swan, common name for a large aquatic bird of both hemispheres, related to ducks and geese. It has a long, gracefully curved neck and an extremely long, convoluted trachea which makes possible its far-carrying calls. The orange-billed white trumpeter swan, Cygnus buccinator, seen in parks, is the mute swan, of Old World origin. It breeds in the wild state in parts of Europe, Asia, and the United States. During the breeding season it has a trumpetlike note, softer in the tame birds. The whistling swan migrates from the arctic to Mexico. Conservation measures saved the almost extinct trumpeter swan of North America, the largest species. Wild species in Europe include the whooper (or whooping) and the Bewick swans. The black swan, Chenopis atrata, is native to Australia, and the black-necked swan, Cygnus melancoriphus, to South America. The black swan has been domesticated. Swans are classified in the phylum Chordata, subphylum Vertebrata, class Aves, order Anseriformes, family Anatidae.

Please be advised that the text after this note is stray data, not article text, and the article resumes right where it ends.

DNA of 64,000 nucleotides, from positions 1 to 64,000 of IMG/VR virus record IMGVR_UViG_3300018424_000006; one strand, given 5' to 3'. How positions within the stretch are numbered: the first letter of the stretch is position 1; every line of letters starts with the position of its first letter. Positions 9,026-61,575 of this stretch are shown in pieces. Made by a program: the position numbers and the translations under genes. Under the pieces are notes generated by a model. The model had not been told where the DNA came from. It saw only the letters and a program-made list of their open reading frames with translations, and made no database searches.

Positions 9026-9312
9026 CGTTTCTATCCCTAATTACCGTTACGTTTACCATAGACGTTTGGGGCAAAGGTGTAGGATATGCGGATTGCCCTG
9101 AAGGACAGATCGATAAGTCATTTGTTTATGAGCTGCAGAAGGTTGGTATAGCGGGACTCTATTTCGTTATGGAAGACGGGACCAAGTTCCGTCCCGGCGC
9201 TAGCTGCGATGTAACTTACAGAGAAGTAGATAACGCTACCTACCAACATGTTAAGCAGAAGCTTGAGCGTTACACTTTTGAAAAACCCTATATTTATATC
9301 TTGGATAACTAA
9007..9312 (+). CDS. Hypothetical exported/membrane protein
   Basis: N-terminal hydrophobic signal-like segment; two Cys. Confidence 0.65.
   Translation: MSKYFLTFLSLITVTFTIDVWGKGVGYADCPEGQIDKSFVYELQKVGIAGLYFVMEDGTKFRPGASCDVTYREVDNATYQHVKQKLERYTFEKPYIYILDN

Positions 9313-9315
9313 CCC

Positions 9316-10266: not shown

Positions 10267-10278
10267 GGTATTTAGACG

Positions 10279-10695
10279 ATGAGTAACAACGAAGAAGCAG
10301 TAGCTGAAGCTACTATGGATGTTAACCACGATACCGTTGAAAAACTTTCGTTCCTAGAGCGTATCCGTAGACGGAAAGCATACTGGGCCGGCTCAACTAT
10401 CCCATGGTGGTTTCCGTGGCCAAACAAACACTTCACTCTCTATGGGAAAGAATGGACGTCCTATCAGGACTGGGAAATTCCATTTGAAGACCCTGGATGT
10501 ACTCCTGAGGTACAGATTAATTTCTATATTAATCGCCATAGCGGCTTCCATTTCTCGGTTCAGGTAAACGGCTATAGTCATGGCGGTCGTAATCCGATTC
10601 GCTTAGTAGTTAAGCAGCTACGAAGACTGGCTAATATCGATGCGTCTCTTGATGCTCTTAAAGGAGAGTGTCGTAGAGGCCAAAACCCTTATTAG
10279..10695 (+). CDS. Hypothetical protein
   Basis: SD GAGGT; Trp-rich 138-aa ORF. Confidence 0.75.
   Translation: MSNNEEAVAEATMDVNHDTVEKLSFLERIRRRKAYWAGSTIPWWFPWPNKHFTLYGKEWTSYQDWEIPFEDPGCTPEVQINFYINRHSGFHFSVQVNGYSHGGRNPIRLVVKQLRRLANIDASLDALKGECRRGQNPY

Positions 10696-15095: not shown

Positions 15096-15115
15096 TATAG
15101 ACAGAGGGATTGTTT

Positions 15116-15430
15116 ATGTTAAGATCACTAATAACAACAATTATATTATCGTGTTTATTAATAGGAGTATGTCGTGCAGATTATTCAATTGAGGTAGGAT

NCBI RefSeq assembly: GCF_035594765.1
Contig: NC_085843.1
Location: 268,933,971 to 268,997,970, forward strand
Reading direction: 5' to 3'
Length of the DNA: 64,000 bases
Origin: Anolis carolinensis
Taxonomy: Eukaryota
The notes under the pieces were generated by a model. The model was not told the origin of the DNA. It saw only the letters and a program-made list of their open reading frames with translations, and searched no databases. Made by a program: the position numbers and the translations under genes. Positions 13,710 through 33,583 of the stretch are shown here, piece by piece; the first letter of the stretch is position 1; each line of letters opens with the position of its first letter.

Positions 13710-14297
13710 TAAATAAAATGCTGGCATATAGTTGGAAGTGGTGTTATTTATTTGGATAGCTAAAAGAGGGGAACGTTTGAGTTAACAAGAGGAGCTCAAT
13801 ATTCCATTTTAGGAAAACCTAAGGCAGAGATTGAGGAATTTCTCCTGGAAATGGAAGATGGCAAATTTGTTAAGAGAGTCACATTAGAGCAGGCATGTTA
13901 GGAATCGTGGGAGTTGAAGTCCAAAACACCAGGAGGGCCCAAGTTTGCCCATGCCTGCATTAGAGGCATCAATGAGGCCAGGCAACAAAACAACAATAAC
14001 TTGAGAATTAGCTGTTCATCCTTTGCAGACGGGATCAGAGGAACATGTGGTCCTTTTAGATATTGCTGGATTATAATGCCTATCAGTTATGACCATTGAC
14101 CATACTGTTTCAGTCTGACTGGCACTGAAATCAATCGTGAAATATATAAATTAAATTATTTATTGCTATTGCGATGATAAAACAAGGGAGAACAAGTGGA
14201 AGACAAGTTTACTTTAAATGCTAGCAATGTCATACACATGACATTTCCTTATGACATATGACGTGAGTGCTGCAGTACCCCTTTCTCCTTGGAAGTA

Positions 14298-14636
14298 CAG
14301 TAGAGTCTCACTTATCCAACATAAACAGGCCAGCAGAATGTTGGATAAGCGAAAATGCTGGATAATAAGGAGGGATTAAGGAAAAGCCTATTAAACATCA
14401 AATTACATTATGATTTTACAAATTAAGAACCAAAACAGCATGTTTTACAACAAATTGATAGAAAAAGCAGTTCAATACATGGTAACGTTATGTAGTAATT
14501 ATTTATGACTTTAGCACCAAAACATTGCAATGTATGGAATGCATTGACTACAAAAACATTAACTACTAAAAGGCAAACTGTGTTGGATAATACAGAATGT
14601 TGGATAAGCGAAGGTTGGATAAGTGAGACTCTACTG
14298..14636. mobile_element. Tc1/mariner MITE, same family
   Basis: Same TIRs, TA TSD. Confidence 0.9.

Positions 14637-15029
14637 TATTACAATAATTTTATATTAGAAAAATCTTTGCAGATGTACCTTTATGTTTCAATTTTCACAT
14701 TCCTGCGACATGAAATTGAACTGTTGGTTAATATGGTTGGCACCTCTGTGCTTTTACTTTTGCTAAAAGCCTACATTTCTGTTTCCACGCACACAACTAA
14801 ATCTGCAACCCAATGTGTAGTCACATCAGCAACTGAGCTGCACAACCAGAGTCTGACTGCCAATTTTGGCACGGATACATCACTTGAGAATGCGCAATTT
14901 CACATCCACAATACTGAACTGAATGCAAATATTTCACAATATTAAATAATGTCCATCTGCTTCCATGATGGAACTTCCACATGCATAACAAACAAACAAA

See study by P. Scott and the Wildfowl Trust (1972).
The Columbia Electronic Encyclopedia, 6th ed. Copyright © 2012, Columbia University Press. All rights reserved.
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